Bald eagles, wood turtles, eastern box turtles, and marbled salamanders are on the Massachusetts Endangered Species List with a “Threatened” or of “Special Concern” designation and all have been sighted in the Manchaug Pond watershed with the past year.
Last week on May 19, Endangered Species Day was celebrated, a day the United States Congress appointed to increase awareness of imperiled species. Here in the Commonwealth of Massachusetts MassWildlife, through the Massachusetts Endangered Species Act with over 425 Endangered, Threatened, or Special Concern animals and plants on the state list, protects local native species that may or may not be federally protected. Species from the majestic Bald Eagle which we observe soaring and fishing Manchaug Pond to the inconspicuous salamanders, frogs and toads laying eggs in protected coves, neighboring wetlands, and watershed vernal pools to quiet turtles methodically traveling the forests of our hillside watershed are among the flora and fauna needing protection from extinction.
The MassWildlife’s Natural Heritage and Endangered Species Program (NHESP) implements the state’s Endangered Species Act. This happens through field surveys and research, regulations, habitat management, land protection, and education. NHESP’s work is funded by grants and donations from supporters.
What can you do to protect our native species?
- Take a few minutes: In the Manchaug Pond watershed, two distinct areas are currently designated as Priority Habitat (noted in yellow on the map with certified and reported potential vernal pools noted by the blue asterisk star.) These areas are currently under review with a new map proposed. As species flourish or decline, habitats protected as well as the list change. Please review the proposed protected habitat and comment directly to the Natural Heritage and Endangered Species Program. View not only the map of Manchaug Pond (type in Ledgestone Road, Douglas, MA) and scroll down to view all known protected species appearing in the various locations in town. Your comments can give updated, field observation to MassWildlife staff
- Be a citizen scientist! Those interested in helping rare species can assist by reporting rare species and vernal pools directly to MassWildlife. Observations may be submitted through the Vernal Pool and Rare Species (VPRS) Information System. NHESP uses these reports to keep its database current. A photo and/or word of sightings would also be of interest to us all through the Manchaug Pond Foundation – we can share on the website and in our efforts serving as advocate for the lake and correct use.
- Use Best Management Practices around your home landscape! The how, what, when and where can make all the difference around your watershed home or campsite. A few tips include… Mulch rather than bag lawn clippings for a natural fertilizer and soil amendment. Use NO P (phosphorus) fertilizers and be sure not to apply before a rain storm, on driveway and hard, non-green surfaces, and near lake or water resources edge thereby protecting lake water quality and not promoting aquatic weed growth. Plant buffer gardens between your lawn and the lake, wetlands or stream to prevent erosion and offer shade to shoreline fisheries. Be sure to avoid plants such as Purple Loosestrife, Yellow Flag Iris, water lilies and other non-native, invasive aquarium and pond plants.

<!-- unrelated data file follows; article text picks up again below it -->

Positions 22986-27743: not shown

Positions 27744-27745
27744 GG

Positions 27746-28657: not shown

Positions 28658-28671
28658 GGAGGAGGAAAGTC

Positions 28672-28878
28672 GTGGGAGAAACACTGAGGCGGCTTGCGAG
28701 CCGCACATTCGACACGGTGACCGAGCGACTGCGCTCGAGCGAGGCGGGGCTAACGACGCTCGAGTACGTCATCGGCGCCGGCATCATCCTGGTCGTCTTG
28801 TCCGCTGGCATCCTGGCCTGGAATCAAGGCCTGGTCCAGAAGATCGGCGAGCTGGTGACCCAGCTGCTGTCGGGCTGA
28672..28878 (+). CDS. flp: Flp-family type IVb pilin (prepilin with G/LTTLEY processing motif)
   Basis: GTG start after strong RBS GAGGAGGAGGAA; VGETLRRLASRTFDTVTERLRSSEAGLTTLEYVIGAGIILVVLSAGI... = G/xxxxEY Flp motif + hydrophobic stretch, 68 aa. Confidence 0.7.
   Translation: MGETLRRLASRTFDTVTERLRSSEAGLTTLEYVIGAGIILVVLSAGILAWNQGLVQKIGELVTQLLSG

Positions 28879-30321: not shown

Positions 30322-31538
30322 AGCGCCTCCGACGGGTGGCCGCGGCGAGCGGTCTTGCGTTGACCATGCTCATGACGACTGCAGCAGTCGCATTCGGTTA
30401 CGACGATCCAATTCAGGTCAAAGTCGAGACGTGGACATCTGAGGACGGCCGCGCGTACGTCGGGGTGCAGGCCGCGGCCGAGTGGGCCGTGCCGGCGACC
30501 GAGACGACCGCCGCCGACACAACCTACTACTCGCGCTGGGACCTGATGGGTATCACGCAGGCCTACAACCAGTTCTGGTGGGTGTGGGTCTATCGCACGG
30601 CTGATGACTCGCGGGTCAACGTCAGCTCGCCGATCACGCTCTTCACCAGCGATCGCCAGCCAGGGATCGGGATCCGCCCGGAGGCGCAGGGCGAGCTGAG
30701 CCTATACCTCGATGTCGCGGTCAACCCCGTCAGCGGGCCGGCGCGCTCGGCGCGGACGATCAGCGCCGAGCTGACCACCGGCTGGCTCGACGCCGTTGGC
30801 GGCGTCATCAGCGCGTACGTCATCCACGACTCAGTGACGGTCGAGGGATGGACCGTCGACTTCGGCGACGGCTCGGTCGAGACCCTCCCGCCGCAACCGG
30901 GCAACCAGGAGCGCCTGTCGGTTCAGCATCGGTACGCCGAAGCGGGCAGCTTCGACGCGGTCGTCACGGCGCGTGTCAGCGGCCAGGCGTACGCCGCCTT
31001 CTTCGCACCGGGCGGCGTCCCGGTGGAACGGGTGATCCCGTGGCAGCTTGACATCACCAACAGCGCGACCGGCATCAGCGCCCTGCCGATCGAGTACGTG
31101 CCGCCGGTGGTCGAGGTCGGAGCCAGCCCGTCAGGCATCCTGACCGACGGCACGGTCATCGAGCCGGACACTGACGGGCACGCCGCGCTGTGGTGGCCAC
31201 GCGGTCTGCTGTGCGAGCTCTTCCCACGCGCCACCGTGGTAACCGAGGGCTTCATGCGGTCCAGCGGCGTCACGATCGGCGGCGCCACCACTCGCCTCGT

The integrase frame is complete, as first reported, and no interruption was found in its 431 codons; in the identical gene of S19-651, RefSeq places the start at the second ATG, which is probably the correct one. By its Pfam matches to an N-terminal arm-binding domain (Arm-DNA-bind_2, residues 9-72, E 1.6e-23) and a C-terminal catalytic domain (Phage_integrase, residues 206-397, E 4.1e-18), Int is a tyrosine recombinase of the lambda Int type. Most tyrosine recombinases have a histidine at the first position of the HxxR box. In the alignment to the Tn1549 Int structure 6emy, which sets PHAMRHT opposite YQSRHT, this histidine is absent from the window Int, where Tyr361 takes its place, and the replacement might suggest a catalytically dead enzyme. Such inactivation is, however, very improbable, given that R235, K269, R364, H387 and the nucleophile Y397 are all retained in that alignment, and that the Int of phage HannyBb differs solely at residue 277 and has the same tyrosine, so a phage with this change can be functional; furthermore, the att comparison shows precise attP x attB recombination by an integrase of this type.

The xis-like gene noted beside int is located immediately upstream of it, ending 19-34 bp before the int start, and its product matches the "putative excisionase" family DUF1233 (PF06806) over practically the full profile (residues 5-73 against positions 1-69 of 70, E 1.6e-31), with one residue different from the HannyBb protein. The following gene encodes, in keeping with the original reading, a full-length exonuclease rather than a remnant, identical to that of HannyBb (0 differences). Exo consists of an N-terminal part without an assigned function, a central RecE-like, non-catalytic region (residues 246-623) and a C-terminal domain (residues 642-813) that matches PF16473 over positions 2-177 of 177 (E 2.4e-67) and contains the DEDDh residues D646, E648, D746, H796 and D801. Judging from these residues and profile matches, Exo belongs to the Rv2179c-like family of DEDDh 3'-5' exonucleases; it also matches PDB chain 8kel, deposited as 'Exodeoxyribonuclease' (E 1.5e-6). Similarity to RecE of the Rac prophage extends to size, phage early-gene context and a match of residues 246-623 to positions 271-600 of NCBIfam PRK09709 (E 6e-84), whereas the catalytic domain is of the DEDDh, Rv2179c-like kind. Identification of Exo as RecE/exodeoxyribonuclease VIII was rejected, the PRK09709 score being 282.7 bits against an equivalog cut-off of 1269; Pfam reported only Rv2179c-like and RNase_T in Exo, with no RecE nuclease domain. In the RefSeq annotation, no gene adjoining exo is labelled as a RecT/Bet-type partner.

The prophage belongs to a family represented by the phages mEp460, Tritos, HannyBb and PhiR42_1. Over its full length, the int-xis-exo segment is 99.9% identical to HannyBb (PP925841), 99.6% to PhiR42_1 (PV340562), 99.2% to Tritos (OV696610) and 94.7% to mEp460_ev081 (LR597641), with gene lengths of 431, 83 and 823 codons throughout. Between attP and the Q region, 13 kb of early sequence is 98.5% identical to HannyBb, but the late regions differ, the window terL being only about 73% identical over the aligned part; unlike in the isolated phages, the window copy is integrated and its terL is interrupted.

- Support our efforts to preserve the waterlevel and dam, promote open space and conserve critical watershed land. Notably, the northern portion of area PH 570 lies in part on the conservation land owned by the Manchaug Pond Foundation with the Beaton Farm purchase while the Sutton Conservation Commission-owned Waters Farm property, donated in 1974 by past Manchaug Pond Association (MPA) secretary Dorothea Waters Moran, offers numerous vernal pools dotting it’s 120 acres. Land
conservation efforts by private landowners, the watershed towns of Sutton, Douglas and Oxford, by conservation organizations such as ourselves and Metacomet Land Trust and by the state preserve parcels key to sensitive populations that may be under pressure as the area becomes more populated, which protects our water quality, and links wildlife corridor stretching from the Douglas State Forest to the Sutton State Forest at Purgatory Chasm – an effort begun some decades ago by Past MPA President John S. Duff as the Lake Manchaug Greenway and Wildlife Corridor in working with the Metacomet Land Trust.
Continue to support our work as the Manchaug Pond Foundation either with an online donation, with your time and talent as a volunteer and as a member! Membership renewal forms will be hitting your mailbox soon – send in your committment, new or longstanding, to MPF, P.O. Box 154, Manchaug, MA 01526-0154. Thanks you for your efforts in preserving the Manchaug Pond watershed making it a beautiful natural, recreational resource which enhances the quality of life o so many in this corner of the Commonwealth.